The protocol was registered (PROSPERO: CRD42021239974), following standard reporting methods ; which is available as Additional file 1: Appendix.
Data sources and search strategy
An extensive electronic search for randomized trials was conducted by two independent investigators via three databases: PubMed, Web of Science and Cochrane Central Register. The last search was last updated on January 31, 2021. To identify the search terms, searches were performed using Medical Subject Headings (MeSH) combined with free words: “trochanteric femoral fracture”; “proximal femoral nail”; “dynamic hip screw”; and “randomized controlled trial”. The detailed search strategy for PubMed is as below:
((((“Femoral Fractures”[Mesh]) OR (“Hip Fractures”[Mesh])) OR ((((((((((((intertrochanteric fractures) OR (intertrochanteric fracture)) OR (trochanteric fractures)) OR (trochanteric fracture)) OR (pertrochanteric fractures)) OR (pertrochanteric fracture)) OR (Femoral intertrochanteric fracture)) OR (Femoral intertrochanteric fractures)) OR (intertrochanteric femoral fracture)) OR (intertrochanteric femoral fractures)) OR (IFFs)) OR (IFF))) AND (((((dynamic hip screw) OR (sliding hip screw)) OR (DHS)) OR (SHS)) OR (“Bone Screws”[Mesh]))) AND (((proximal femoral nail anti-rotation) OR (proximal femoral nail antirotation)) OR (PFNA)).
Randomized controlled trials (RCTs) comparing PFN with DHS for trochanteric fractures were included. The patients should be more than 18 years old with trochanteric fractures, defined as stable (AO/OTA 31-A1) or unstable fractures (AO/OTA 31-A2 and A3) . Trials including participants with a history of significant trauma or systemic inflammatory conditions were not considered eligible.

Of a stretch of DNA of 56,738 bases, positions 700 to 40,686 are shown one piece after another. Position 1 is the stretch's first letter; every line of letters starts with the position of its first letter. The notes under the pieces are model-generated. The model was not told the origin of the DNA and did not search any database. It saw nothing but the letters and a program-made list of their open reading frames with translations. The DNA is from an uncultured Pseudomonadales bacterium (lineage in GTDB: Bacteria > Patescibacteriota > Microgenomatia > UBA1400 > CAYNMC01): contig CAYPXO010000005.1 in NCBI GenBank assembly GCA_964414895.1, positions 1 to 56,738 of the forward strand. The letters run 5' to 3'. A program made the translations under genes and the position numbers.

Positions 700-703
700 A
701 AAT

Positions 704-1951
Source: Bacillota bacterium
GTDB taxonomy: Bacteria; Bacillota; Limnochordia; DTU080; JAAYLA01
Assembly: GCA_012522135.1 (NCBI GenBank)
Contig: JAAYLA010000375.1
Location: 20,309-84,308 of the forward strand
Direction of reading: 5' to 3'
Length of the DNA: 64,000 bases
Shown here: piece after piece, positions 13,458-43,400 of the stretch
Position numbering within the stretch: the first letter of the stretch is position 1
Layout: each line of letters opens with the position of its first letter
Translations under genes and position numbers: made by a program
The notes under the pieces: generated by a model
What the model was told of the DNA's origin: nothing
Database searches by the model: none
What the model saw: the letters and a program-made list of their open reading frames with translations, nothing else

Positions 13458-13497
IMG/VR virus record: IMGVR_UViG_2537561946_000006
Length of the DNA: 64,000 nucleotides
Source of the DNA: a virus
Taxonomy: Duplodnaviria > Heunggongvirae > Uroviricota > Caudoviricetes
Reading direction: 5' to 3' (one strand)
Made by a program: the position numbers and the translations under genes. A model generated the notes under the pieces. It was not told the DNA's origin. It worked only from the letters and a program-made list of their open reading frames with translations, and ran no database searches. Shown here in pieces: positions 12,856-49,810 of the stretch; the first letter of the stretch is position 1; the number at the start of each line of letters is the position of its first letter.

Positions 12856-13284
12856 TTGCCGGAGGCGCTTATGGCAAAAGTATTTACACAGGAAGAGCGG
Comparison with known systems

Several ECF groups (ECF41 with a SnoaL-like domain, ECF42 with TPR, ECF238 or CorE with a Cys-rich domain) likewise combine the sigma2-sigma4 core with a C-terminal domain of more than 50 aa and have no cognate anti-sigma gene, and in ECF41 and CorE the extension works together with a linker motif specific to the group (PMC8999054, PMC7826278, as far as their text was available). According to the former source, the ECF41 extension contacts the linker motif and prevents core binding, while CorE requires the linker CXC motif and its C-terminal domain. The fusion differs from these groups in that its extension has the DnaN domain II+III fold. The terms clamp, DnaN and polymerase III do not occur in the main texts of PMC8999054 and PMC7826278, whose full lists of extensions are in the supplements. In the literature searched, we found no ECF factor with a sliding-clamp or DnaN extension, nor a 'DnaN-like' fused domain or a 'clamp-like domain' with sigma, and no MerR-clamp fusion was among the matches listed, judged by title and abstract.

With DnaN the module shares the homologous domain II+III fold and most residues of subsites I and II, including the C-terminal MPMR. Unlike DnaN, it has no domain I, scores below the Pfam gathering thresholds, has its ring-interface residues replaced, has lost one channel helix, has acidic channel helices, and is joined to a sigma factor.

Two independent investigators reviewed the studies. Inclusion criteria were: (1) a randomized controlled trial, (2) patients randomly assigned to DHS or PFN (incl. PFNA), (3) clinical data presented, including but not limited to operative time, intraoperative blood loss, intraoperative fluoroscopy time, achievement of closed reduction or postoperative complications like non-union, implant failure and revision surgery, (4) only English published studies were included. Any disagreement was resolved by discussion between the two investigators.
Data collection process
The following data were extracted: year of publication, number of patients, characteristics of patients (age and sex), clinical outcomes including operative time, intraoperative blood loss, intraoperative fluoroscopy time, achievement of closed reduction, non-union, implant failure and revision surgery. Data extraction was done by reading the full article with interpretation of figures and tables in every study included.